As a child, my family lived in Little Pipitea Street, not to be confused with ‘big’ Pipitea Street; there was a ‘wealth’ of difference between the two.
My family were members of the Wellington Caledonian Society and every year the Society held a Highland Ball in the Town Hall. It was a magnificent affair: kilts and ball gowns, strathspeys and reels. We were too young to attend, though I did years later. We were, however, able to sit in the circle and watch. There was always a pipe band in attendance. I can recall that on at least one occasion there were three.
They did not just attend the Ball. The Ball was always held on a Friday late shopping night so one band marched from Courtenay Place, another from upper Cuba Street and the third from Lambton Quay. They met outside the main entrance and ‘massed band’ into the Town Hall. Quite a performance. Two bands would then stand down and the third, after the Chiefs had been piped in, would play for the Grand March and the first waltz. They, of course, also played later for the Dashing White Sergeant, the Eightsome Reel, the Scottish Gay Gordons, etc, whilst an orchestra played the old time dances like the maxina, the foxtrot, military two step and others. We unhappily were not able to see it all as we were too young and were taken off home to bed. I know we walked there from upper Molesworth Street, but we caught the tram home.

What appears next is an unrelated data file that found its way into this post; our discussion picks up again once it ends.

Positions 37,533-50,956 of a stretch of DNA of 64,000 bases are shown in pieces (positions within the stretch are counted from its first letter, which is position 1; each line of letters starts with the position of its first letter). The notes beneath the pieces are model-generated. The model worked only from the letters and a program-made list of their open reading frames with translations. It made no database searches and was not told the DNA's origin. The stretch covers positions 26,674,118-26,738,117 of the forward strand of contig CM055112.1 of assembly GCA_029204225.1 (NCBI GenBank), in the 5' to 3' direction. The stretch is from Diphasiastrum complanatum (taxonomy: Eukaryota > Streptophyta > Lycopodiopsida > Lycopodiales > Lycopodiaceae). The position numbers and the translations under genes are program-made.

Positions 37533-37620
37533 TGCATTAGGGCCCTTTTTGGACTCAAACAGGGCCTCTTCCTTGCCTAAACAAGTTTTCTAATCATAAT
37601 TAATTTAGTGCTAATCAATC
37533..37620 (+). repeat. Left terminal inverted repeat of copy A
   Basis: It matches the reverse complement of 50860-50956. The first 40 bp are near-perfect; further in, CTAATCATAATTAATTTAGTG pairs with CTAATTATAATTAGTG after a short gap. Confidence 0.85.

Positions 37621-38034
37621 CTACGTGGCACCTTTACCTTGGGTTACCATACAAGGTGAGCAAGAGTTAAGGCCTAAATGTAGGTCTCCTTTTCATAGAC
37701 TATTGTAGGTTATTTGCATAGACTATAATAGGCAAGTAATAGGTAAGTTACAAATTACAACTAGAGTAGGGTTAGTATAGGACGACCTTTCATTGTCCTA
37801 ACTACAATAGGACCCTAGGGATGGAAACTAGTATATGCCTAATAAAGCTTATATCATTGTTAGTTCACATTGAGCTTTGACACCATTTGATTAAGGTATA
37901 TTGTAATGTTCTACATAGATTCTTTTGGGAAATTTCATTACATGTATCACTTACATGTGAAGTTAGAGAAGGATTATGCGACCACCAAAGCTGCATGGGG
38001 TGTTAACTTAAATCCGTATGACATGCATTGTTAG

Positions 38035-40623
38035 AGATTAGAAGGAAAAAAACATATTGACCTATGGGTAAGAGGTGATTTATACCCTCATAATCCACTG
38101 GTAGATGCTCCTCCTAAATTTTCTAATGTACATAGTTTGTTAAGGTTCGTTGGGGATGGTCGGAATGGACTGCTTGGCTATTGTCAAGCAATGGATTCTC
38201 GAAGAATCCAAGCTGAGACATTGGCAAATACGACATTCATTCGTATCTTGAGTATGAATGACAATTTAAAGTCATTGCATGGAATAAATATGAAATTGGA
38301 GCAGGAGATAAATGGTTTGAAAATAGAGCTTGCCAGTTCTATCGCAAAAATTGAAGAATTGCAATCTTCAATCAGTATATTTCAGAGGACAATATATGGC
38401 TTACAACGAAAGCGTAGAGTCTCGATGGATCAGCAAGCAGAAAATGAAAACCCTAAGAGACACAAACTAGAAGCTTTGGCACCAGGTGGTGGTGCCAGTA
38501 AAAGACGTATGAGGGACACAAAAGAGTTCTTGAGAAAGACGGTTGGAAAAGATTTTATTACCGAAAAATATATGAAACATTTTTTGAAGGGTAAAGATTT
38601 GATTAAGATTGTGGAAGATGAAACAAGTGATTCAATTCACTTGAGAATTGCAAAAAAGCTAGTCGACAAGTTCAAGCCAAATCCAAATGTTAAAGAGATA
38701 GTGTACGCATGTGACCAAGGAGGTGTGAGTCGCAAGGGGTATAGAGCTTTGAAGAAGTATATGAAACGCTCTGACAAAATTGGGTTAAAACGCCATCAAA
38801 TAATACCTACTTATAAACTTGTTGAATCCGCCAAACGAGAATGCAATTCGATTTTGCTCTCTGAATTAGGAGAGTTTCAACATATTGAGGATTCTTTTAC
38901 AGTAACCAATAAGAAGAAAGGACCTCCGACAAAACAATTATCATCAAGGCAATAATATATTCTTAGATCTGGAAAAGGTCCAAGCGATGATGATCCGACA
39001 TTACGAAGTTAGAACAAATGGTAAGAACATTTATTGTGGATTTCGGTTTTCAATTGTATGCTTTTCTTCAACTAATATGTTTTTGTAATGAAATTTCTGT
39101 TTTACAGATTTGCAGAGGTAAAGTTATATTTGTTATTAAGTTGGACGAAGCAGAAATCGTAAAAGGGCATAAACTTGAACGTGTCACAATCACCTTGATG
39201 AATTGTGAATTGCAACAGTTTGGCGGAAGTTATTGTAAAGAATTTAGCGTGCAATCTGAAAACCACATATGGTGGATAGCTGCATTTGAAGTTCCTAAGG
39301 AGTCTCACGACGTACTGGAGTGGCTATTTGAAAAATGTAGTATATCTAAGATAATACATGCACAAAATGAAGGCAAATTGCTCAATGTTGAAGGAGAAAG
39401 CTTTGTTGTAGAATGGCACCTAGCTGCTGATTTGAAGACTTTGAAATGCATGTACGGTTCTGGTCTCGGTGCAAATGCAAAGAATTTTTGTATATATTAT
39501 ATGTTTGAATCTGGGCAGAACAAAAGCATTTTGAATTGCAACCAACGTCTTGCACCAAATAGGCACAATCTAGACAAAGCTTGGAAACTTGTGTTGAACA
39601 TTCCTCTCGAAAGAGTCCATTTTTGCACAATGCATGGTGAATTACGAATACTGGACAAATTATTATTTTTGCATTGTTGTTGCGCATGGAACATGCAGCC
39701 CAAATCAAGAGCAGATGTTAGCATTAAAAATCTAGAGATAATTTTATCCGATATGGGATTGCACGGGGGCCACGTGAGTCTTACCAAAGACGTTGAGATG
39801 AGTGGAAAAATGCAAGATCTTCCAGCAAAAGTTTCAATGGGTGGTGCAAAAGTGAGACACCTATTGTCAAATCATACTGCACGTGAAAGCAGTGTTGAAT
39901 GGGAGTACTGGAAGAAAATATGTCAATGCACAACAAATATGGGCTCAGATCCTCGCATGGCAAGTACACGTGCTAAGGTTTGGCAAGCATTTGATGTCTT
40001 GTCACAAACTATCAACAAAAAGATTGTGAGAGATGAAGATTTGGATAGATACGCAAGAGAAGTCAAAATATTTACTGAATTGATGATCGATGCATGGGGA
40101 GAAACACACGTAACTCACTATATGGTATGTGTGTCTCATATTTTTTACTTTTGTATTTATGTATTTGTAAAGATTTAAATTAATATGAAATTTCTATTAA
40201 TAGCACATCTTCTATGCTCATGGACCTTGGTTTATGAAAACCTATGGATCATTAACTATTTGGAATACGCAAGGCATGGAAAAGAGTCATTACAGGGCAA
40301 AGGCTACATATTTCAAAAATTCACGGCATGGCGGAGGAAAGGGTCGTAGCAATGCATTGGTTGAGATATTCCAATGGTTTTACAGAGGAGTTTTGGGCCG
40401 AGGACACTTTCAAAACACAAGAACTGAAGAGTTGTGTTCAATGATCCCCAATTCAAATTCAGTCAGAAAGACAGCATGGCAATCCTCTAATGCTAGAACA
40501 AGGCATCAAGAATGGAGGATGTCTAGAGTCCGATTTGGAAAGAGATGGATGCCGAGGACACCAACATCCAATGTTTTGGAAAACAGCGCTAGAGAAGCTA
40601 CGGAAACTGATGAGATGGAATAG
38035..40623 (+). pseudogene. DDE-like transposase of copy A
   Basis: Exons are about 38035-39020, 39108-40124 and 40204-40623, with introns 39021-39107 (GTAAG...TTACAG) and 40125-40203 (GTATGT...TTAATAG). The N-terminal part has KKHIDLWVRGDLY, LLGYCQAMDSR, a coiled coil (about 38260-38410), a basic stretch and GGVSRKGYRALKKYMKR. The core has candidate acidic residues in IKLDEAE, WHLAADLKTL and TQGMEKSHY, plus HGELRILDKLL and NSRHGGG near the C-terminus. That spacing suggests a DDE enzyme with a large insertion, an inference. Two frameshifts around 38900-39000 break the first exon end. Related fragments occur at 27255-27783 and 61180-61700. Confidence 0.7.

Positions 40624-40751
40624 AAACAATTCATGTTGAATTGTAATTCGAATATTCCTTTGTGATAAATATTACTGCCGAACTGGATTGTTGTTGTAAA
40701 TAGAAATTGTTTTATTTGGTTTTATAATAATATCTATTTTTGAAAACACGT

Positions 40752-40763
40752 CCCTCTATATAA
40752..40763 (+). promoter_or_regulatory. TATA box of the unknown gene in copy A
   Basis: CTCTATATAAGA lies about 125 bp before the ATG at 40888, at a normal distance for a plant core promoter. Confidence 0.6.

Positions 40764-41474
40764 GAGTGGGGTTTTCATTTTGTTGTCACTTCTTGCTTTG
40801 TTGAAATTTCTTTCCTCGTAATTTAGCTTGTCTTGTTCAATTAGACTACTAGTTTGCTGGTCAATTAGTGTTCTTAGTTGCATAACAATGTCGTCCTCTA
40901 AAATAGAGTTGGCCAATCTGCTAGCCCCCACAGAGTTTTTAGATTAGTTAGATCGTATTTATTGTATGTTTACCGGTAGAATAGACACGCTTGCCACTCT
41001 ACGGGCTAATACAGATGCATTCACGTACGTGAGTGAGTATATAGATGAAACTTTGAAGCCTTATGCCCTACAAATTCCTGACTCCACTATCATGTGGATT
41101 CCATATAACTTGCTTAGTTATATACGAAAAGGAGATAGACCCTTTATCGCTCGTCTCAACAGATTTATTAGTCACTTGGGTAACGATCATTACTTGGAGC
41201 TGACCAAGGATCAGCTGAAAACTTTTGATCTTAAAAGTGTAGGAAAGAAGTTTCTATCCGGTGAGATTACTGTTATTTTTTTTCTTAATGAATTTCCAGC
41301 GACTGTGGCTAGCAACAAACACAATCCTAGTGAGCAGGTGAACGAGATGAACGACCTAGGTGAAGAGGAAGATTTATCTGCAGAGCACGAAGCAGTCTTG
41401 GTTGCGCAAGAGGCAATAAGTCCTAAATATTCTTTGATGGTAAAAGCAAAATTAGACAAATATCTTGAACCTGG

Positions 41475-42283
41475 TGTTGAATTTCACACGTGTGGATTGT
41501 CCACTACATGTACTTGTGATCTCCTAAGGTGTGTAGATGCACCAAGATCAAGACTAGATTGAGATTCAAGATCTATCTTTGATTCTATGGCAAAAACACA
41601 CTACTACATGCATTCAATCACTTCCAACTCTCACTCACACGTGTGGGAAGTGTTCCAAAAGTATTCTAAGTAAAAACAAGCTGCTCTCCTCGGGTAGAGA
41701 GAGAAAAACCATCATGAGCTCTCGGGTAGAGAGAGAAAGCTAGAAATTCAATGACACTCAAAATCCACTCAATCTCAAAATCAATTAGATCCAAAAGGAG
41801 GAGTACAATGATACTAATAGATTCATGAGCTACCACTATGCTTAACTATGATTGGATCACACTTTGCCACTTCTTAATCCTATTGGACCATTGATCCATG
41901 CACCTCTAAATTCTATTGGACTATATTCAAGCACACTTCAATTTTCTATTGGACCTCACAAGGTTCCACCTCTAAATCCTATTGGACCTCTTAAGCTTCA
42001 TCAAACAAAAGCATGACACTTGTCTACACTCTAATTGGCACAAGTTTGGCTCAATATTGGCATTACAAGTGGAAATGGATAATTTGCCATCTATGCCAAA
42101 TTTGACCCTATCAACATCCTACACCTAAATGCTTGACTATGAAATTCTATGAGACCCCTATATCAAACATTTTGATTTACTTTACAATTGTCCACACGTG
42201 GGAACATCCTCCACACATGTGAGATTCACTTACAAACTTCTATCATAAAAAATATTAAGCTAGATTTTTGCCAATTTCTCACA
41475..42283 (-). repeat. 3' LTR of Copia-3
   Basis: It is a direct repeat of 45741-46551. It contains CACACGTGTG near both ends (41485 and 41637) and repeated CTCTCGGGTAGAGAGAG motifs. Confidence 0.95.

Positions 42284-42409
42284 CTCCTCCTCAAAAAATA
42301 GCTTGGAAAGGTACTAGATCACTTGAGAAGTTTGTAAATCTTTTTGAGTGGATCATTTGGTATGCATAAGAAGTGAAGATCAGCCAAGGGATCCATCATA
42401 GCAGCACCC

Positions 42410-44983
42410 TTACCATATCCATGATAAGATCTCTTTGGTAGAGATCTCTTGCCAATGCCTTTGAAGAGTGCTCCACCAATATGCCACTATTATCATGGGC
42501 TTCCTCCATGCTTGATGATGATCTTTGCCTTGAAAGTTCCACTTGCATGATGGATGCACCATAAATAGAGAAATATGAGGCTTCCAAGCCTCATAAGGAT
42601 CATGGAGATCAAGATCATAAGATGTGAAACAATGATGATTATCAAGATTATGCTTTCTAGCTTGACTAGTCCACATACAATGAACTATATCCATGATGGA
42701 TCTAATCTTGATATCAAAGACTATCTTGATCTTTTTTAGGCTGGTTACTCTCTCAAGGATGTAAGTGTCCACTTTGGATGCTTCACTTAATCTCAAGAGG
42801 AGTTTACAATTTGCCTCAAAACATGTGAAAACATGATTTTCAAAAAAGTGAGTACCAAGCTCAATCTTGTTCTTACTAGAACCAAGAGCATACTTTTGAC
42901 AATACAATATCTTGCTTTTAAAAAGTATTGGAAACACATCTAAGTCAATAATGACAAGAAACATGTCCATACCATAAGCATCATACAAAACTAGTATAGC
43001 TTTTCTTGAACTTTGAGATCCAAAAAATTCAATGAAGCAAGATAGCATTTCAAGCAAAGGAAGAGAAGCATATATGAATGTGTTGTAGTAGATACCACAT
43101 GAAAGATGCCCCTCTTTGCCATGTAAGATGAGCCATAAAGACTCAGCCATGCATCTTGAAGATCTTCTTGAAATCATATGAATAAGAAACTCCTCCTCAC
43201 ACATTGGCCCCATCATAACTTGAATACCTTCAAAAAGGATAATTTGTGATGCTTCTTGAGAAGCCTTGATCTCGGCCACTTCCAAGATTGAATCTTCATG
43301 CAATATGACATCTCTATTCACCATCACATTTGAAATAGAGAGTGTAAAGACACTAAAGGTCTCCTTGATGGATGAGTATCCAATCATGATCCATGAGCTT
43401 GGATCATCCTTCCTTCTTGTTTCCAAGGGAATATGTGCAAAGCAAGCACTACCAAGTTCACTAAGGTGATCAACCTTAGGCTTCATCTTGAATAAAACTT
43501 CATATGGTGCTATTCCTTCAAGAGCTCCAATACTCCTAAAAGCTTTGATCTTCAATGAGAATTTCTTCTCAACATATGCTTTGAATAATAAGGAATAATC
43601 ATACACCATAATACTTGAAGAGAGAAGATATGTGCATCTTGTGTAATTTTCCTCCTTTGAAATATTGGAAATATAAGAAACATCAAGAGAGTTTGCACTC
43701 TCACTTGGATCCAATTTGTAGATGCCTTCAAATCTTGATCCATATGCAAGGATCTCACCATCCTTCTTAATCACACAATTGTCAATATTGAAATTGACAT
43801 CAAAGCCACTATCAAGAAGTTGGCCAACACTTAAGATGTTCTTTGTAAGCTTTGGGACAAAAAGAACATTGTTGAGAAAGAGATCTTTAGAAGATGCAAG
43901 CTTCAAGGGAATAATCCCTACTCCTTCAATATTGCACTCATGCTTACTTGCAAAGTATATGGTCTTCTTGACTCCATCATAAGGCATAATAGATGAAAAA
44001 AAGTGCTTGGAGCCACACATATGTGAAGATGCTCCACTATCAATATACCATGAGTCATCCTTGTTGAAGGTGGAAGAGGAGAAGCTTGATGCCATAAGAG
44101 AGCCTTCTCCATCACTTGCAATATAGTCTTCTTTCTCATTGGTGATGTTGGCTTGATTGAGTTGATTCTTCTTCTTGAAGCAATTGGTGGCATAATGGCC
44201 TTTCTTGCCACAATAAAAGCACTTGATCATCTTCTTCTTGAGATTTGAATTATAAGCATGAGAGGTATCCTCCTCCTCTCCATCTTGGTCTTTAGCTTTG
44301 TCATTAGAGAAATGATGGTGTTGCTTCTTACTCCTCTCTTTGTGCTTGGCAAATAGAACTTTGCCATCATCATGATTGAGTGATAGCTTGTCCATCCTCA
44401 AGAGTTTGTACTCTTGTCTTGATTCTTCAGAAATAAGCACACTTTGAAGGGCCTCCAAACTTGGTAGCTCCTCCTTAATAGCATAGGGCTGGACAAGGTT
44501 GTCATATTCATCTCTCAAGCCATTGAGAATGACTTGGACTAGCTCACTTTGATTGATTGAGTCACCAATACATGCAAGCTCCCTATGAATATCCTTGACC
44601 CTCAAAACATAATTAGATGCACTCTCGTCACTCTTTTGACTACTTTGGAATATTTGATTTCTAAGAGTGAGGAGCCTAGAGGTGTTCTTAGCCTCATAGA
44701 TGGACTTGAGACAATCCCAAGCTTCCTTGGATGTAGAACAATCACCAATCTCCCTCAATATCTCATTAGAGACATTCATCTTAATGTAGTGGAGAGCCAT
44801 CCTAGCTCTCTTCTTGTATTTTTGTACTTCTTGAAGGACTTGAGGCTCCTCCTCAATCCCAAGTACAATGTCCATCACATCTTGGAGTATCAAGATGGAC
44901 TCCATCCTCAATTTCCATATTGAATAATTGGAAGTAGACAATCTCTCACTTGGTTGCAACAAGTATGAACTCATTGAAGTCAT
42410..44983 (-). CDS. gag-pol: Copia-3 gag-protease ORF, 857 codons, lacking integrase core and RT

Top image: Black Watch Band outside the Wellington Town Hall, 1951. Evening post (Newspaper. 1865-2002) :Photographic negatives and prints of the Evening Post newspaper. Ref: 114/300/03-G. Alexander Turnbull Library, Wellington, New Zealand. /records/22791523
Black Watch Band greeting Mayor Macalister outside the Wellington Town Hall, 1951. Evening post (Newspaper. 1865-2002) :Photographic negatives and prints of the Evening Post newspaper. Ref: 114/300/04-G. Alexander Turnbull Library, Wellington, New Zealand. /records/22863050